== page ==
Further, I agree with Mr. Sonju, especially after viewing the photographs, that I do not believe Tylin's death was caused by a tragic culmination of accidents.

Though he may not have actively planned this death, his behavior, sadistic or otherwise, certainly caused it. He has a record of being mean and abusive to women.

As a result of his delay, the child died a violent, slow, painful death. She could have been taken to the hospital and possibly saved. He talked the mother out of that, and it appears that he would rather save his own neck from child abuse charges than save his two-year-old adopted daughter.

Finally, in our society, and I think we all realize it, even total strangers rush to assist a child in distress. But you, her adoptive father, chose to abuse and, from the pictures, torture this little girl and let her die.

So it's now the judgment of this Court that you be sentenced to life imprisonment in the Montana State Prison without eligibility for parole.

(Emphasis added.) Garrymore did not object to the sentence at the time of its pronouncement by the District Court.

¶ 8 Garrymore appeals, asserting that the District Court imposed the parole eligibility restriction in violation of his federal and state constitutional and statutory rights.

STANDARD OF REVIEW

¶ 9 We review criminal sentences that include at least one year of actual incarceration to determine whether they are legal. State v. Herd, 2004 MT 85, ¶ 22, 320 Mont. 490, ¶ 22, 87 P.3d 1017, ¶ 22. "[A] sentence is not illegal when it is within the parameters provided by statute." State v. Montoya, 1999 MT 180, ¶ 11, 295 Mont. 288, ¶ 11, 983 P.2d 937, ¶ 11 (quoting State v. Gunderson, 282 Mont. 183, 187, 936 P.2d 804, 806, (1997) (overruled on other grounds)). We review questions of law de novo. Wadsworth v. State, 275 Mont. 287, 298, 911 P.2d 1165, 1171 (1996).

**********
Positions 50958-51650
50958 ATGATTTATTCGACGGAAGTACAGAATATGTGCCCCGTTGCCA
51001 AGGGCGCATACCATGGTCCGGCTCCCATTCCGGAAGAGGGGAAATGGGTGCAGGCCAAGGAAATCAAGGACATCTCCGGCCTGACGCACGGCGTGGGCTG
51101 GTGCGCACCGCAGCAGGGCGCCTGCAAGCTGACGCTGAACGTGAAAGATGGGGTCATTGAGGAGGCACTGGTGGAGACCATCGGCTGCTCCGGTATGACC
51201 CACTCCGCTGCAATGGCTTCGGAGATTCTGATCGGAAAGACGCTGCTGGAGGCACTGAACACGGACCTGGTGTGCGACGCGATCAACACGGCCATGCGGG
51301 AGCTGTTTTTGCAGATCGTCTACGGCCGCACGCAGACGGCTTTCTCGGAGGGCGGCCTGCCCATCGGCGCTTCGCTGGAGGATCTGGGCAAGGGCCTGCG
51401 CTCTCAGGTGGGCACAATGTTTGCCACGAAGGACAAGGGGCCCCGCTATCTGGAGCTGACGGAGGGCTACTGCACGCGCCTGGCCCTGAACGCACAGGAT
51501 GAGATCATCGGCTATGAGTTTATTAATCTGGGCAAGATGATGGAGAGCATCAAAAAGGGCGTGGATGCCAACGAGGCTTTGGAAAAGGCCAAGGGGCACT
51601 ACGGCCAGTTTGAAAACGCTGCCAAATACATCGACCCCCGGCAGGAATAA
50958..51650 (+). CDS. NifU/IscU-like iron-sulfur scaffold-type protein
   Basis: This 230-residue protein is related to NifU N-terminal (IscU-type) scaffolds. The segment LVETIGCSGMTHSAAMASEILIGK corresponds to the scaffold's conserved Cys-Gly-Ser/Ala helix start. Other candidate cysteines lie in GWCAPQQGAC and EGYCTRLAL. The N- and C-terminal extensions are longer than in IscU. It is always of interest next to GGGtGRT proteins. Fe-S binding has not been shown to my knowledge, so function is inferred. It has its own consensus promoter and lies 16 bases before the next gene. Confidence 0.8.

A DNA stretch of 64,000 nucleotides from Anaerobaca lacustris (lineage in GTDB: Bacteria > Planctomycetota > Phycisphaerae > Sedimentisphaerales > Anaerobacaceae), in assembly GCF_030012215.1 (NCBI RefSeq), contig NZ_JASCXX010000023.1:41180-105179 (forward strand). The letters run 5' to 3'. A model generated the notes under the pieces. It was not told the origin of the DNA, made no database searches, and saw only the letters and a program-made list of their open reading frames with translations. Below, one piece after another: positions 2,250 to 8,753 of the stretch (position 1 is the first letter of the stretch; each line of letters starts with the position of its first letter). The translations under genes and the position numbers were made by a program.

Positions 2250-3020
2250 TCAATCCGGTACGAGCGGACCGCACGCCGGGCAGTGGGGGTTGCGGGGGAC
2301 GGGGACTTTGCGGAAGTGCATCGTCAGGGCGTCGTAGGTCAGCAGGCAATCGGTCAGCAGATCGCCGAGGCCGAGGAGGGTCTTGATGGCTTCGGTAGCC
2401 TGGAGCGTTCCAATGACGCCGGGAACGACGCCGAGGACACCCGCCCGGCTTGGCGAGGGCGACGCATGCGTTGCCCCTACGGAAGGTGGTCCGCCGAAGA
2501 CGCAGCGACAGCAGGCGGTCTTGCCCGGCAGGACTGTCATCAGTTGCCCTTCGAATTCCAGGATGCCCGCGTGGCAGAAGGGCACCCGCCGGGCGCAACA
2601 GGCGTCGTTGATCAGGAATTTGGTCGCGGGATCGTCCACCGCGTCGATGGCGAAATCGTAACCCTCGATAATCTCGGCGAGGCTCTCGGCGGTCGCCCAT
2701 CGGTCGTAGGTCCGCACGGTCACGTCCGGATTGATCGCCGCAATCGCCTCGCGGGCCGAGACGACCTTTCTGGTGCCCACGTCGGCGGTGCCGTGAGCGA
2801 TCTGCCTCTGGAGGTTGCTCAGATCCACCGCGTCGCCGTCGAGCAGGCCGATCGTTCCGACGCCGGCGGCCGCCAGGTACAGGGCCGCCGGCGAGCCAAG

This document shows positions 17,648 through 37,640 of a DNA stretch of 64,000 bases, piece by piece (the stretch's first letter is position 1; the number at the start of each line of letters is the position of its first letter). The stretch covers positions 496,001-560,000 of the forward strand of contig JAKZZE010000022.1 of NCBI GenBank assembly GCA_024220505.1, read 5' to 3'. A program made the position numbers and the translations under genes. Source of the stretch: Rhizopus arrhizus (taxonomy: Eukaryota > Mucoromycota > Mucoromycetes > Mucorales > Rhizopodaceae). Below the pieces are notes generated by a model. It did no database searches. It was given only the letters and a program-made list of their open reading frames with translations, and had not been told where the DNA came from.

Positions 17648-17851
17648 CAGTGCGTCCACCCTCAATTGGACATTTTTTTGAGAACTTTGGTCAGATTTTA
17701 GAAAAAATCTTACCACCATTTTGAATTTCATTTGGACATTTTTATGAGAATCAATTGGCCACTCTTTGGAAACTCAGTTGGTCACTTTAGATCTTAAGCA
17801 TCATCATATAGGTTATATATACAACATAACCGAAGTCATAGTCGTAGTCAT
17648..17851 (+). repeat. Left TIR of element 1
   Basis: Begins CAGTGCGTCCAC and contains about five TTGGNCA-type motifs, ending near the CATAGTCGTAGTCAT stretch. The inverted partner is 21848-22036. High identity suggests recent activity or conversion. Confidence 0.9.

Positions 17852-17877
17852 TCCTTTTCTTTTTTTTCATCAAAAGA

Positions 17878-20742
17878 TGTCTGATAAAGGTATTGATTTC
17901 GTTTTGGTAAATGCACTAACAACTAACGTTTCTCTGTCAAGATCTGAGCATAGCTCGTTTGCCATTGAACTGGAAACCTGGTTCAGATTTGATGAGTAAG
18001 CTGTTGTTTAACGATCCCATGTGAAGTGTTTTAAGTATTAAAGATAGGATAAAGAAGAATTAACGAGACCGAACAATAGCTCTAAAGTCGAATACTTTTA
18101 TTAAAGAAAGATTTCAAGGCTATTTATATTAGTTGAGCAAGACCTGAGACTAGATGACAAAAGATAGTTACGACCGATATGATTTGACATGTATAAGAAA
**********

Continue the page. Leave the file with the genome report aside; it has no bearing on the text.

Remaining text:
DISCUSSION
Issue 1: Does Garrymore's failure to object to the District Court's imposition of sentence preclude our review on appeal?

¶ 10 Noting that "the defense did not assert a state or federal constitutional objection to the sentencing court's statutory authority to restrict parole," the State offers a brief argument that the merits of Garrymore's claim should not be reviewed on appeal. The State acknowledges the exception to the contemporaneous objection rule we adopted for sentencing purposes in State v. Lenihan, 184 Mont. 338, 602 P.2d 997 (1979), but offers "three reasons why Lenihan jurisdiction should not be invoked."1

¶ 11 Initially, we observe that the State's "three reason" argument is very brief and is not supported by reference to any case from our Lenihan jurisprudence, but, rather, by citations, without analysis, to a state civil case and a federal case addressing the exercise of plain error review, a separate doctrine not at issue herein.2 Therefore, a comprehensive response to the State's Lenihan arguments is not necessary. The Lenihan rule states as follows:

It appears to be the better rule to allow an appellate court to review any sentence imposed in a criminal case, if it is alleged that such sentence is illegal or exceeds statutory mandates, even if no objection is made at the time of sentencing.

Lenihan, 184 Mont. at 343, 602 P.2d at 1000.